a1 Department of Animal Pathology, Hygiene and Veterinary Public Health, Faculty of Veterinary Medicine, University of Milan, via Celoria, 10, 20133 Milan, Italy
a2 Department of Veterinary Prevention, Animal Health Service (ASL), via O. Rossi, 9, 21100 Varese, Italy
Thirty-one faecal samples were collected from red deer in the northern area of Varese, in the Italian region of Lombardy, between August and October 2008. The animals had either been hunted or accidently killed. Examination for internal parasites showed a prevalence of 45.2% for Elaphostrongylus cervi larvae and species identification was confirmed by polymerase chain reaction (PCR). Ninety-seven faecal samples were also collected from two goat flocks grazing in the same area between December 2007 and May 2008. These showed a prevalence of 74.7% for lungworms. Furthermore, the central nervous systems from five goats and one sheep from this area with a history of neurologically related lameness were examined. Histopathology confirmed E. cervi cerebro- spinal nematodiasis in five cases out of six. This study demonstrates E. cervi transmission from wild to domestic ruminants when the animals graze in the same area, and the possible occurrence of clinical disease in infected goats and sheep associated with high prevalence in deer.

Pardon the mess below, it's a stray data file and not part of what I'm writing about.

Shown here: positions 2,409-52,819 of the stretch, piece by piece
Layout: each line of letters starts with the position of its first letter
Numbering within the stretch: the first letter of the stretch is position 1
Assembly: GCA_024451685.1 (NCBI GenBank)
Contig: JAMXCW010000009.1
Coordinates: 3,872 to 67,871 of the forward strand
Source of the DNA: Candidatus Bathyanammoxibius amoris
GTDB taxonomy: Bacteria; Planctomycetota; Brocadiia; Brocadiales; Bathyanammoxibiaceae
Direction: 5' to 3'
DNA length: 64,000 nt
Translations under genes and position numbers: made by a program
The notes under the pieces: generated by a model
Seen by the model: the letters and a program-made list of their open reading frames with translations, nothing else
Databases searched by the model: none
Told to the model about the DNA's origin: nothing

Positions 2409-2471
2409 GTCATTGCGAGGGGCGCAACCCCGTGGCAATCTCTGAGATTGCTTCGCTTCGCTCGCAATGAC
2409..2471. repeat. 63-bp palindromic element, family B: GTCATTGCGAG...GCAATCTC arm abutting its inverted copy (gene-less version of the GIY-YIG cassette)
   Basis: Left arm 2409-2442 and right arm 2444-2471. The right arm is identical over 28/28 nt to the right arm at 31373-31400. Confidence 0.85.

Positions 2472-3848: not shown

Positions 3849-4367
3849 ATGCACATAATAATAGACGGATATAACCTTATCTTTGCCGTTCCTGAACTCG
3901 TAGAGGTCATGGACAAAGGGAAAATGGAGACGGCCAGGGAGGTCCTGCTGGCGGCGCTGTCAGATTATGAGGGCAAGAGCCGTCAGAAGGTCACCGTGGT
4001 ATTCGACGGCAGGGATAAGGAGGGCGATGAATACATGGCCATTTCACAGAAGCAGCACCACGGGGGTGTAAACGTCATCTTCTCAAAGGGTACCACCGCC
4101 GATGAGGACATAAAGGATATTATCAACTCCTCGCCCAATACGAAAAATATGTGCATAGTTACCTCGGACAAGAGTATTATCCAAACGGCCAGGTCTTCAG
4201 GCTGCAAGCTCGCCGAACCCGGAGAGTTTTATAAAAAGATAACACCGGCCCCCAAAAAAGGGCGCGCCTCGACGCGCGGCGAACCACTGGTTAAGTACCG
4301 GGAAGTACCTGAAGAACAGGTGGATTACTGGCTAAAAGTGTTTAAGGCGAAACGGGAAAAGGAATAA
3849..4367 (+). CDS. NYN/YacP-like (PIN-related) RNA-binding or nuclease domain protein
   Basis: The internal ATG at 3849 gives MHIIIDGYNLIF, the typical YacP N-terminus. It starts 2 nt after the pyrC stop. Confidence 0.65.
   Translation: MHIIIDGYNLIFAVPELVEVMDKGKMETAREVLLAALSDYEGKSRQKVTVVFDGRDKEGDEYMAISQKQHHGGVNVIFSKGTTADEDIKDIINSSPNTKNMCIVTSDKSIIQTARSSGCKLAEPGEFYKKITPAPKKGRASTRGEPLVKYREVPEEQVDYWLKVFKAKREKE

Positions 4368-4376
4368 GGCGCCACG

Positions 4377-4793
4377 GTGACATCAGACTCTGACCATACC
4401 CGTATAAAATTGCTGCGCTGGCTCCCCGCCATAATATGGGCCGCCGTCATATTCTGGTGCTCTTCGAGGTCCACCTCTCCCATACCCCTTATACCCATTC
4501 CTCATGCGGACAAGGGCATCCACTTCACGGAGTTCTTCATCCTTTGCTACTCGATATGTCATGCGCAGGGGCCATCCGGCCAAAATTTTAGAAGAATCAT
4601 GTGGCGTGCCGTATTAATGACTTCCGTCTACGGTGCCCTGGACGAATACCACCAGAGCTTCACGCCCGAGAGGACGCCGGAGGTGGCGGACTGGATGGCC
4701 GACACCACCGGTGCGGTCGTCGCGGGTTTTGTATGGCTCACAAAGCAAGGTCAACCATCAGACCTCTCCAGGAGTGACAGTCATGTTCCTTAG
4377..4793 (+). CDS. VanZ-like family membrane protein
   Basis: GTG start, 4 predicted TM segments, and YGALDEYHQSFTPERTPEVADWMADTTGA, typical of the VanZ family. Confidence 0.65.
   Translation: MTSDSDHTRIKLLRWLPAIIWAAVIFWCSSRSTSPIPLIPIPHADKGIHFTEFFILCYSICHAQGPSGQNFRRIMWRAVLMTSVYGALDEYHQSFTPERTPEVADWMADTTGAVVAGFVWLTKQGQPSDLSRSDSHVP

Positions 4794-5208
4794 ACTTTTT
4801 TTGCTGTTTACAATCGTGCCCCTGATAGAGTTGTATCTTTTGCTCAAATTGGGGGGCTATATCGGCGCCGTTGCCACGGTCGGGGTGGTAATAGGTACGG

(Accepted August 29 2010)
(Online publication October 06 2010)